The six new major licensing blocks announced by Abu Dhabi National Oil Company (Adnoc) on Tuesday contain “multi-billions of barrels of oils and multi-trillions of cubic feet of gas” according to Abdul Munim Saif Al Kindy, director of Adnoc’s Upstream Directorate.
While declining to be more specific, he did say that full data would be presented to interested parties following a series of roadshows beginning in Abu Dhabi on April 23. The roadshow will continue in Europe, the US and Asia in May.
“Let me assure you that we have an extensive database on what’s going on in exploration in the world,” he said. “We know exactly how much this basin holds. We are very confident of the developed detail that we have already invested in — investment in seismic, core samples, in a big list of wells.”
Successful bidders for exploration rights would also have to opportunity to develop and produce from their finds, Dr Sultan Ahmad Al Jaber, UAE Minister of State and CEO of Adnoc, said. He added that Adnoc would gain 60 per cent of oil produced, as with its existing concessions.
Al Kindy said, “As far as rights are concerned, they are preserved for whatever time it will take for the oil to be economically extracted. We’re talking about 20 years to 40 years, but there are terms and conditions that will be specifically notified to the interested parties.”
Bids would be accepted from both state-supported and private companies, Al Jaber said. The closing date for bids will be in October, with bid winners announced before the end of this year.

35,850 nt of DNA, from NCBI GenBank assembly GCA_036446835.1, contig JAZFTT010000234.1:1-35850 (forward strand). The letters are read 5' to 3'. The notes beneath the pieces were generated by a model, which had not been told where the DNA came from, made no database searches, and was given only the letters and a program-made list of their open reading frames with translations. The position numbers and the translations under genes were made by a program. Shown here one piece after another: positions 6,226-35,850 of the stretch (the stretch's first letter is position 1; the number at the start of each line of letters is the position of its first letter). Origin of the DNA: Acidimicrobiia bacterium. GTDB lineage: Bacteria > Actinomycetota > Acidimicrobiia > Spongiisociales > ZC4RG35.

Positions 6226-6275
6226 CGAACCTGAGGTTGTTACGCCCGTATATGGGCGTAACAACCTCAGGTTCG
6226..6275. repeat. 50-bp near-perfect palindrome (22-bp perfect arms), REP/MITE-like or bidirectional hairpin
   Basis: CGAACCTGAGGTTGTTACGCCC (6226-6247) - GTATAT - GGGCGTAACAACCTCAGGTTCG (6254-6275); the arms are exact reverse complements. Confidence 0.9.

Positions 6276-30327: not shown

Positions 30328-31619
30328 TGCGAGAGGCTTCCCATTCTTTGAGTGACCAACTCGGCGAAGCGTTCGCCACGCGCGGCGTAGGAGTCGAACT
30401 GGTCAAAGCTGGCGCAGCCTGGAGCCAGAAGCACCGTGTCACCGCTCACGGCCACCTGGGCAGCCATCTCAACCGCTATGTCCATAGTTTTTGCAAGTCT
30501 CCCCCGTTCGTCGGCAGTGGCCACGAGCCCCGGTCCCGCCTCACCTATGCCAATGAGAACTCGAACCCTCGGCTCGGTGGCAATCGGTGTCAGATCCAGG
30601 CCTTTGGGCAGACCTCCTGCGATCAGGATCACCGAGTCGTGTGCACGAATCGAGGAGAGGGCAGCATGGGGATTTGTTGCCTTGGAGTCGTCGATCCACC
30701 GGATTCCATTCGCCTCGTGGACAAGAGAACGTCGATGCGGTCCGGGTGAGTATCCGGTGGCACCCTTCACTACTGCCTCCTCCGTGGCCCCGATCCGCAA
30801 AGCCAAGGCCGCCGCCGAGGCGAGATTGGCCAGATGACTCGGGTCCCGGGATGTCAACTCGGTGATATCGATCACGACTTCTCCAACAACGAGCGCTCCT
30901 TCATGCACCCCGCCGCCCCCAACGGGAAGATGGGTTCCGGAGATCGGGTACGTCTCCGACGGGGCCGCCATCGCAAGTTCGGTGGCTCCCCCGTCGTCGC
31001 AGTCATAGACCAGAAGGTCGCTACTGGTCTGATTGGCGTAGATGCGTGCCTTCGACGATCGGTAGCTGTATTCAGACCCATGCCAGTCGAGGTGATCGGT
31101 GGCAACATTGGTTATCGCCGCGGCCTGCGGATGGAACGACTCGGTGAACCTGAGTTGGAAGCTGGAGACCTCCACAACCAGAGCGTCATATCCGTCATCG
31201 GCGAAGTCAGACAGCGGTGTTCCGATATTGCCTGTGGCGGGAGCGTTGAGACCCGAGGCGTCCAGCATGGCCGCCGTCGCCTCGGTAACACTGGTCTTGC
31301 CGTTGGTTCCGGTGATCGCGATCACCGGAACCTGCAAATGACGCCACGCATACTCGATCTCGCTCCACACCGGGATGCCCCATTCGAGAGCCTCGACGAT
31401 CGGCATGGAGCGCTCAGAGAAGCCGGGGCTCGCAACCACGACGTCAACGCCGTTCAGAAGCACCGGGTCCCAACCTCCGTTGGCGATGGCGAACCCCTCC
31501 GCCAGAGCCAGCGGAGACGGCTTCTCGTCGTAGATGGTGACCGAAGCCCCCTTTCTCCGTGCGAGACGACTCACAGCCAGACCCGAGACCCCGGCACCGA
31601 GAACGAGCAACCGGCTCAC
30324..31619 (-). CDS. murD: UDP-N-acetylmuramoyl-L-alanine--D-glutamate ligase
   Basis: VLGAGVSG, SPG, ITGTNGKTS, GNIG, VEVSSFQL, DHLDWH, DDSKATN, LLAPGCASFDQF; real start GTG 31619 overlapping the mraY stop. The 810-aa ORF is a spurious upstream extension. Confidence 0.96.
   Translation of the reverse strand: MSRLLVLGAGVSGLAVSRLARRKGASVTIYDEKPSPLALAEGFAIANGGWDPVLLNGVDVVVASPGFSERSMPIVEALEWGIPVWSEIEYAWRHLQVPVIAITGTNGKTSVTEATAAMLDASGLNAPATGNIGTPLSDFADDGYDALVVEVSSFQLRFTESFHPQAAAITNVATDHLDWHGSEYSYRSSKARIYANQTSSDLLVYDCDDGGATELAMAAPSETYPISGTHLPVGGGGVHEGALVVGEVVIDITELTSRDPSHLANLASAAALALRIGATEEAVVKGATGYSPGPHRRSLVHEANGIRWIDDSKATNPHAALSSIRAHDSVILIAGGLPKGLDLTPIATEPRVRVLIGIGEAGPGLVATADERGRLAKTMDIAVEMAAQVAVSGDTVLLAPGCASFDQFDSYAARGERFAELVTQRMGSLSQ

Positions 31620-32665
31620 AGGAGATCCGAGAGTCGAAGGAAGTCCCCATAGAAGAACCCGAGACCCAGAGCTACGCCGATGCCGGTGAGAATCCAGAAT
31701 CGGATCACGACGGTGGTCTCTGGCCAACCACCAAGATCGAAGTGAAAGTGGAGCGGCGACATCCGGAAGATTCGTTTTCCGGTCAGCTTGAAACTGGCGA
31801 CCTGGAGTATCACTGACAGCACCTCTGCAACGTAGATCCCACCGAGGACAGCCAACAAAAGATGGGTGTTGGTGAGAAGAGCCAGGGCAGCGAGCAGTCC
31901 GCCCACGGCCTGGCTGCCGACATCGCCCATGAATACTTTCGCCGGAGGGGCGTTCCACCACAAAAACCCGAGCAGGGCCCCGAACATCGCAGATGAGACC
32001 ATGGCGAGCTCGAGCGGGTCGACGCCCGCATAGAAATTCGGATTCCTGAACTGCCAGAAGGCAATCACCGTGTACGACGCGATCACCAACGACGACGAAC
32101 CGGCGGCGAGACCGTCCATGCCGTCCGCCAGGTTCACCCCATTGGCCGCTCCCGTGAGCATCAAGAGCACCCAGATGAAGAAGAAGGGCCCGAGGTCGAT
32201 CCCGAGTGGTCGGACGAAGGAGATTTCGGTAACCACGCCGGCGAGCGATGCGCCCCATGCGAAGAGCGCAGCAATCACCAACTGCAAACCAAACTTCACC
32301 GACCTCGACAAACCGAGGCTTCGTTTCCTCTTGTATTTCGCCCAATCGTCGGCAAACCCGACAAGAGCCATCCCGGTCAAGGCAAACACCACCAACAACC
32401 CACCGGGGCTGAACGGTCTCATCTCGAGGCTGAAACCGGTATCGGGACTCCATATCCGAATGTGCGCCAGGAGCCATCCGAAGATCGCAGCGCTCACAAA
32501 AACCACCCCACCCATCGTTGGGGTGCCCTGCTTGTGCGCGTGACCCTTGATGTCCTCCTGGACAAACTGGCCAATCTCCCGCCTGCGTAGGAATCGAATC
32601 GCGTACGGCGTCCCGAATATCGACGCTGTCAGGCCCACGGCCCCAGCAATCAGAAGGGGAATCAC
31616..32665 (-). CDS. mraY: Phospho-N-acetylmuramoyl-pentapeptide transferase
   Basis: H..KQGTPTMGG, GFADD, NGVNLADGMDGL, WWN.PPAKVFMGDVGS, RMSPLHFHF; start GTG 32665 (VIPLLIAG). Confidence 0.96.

Describing the block licensing strategy as a “significant milestone,” Al Jaber said, “For over 35 years our leadership has entrusted Adnoc with the task of maximising the value of Abu Dhabi’s oil and gas reserves. As a result, the economy of Abu Dhabi and the UAE has grown, and grown substantially.”
He said the new licences were part of a new approach Adnoc had been pursuing for the last two years to meet its 2030 smart growth strategy, requiring a “more profitable upstream, a more valuable downstream and a more sustainable economic supply for us.”
London: Oil broke above $70 a barrel on Tuesday, extending strong gains from the previous day, as investors grew more optimistic that a trade dispute between the United States and China may be resolved without greater damage to the global economy.
Brent crude futures were up $1.39 at $70.04 a barrel by 1131 GMT, while West Texas Intermediate (WTI) crude futures rose $1.23 to $64.65 a barrel.
The oil price has risen by nearly 4.5 per cent in the last two trading days.
President Xi Jinping on Tuesday promised to open China’s economy further and lower import tariffs, in a speech that struck a conciliatory tone on the trade tensions between China and the United States.
Equities and industrial commodities rose, while perceived safe-havens such as gold and US Treasuries came under pressure, reflecting confidence among traders and investors that a trade war is increasingly unlikely.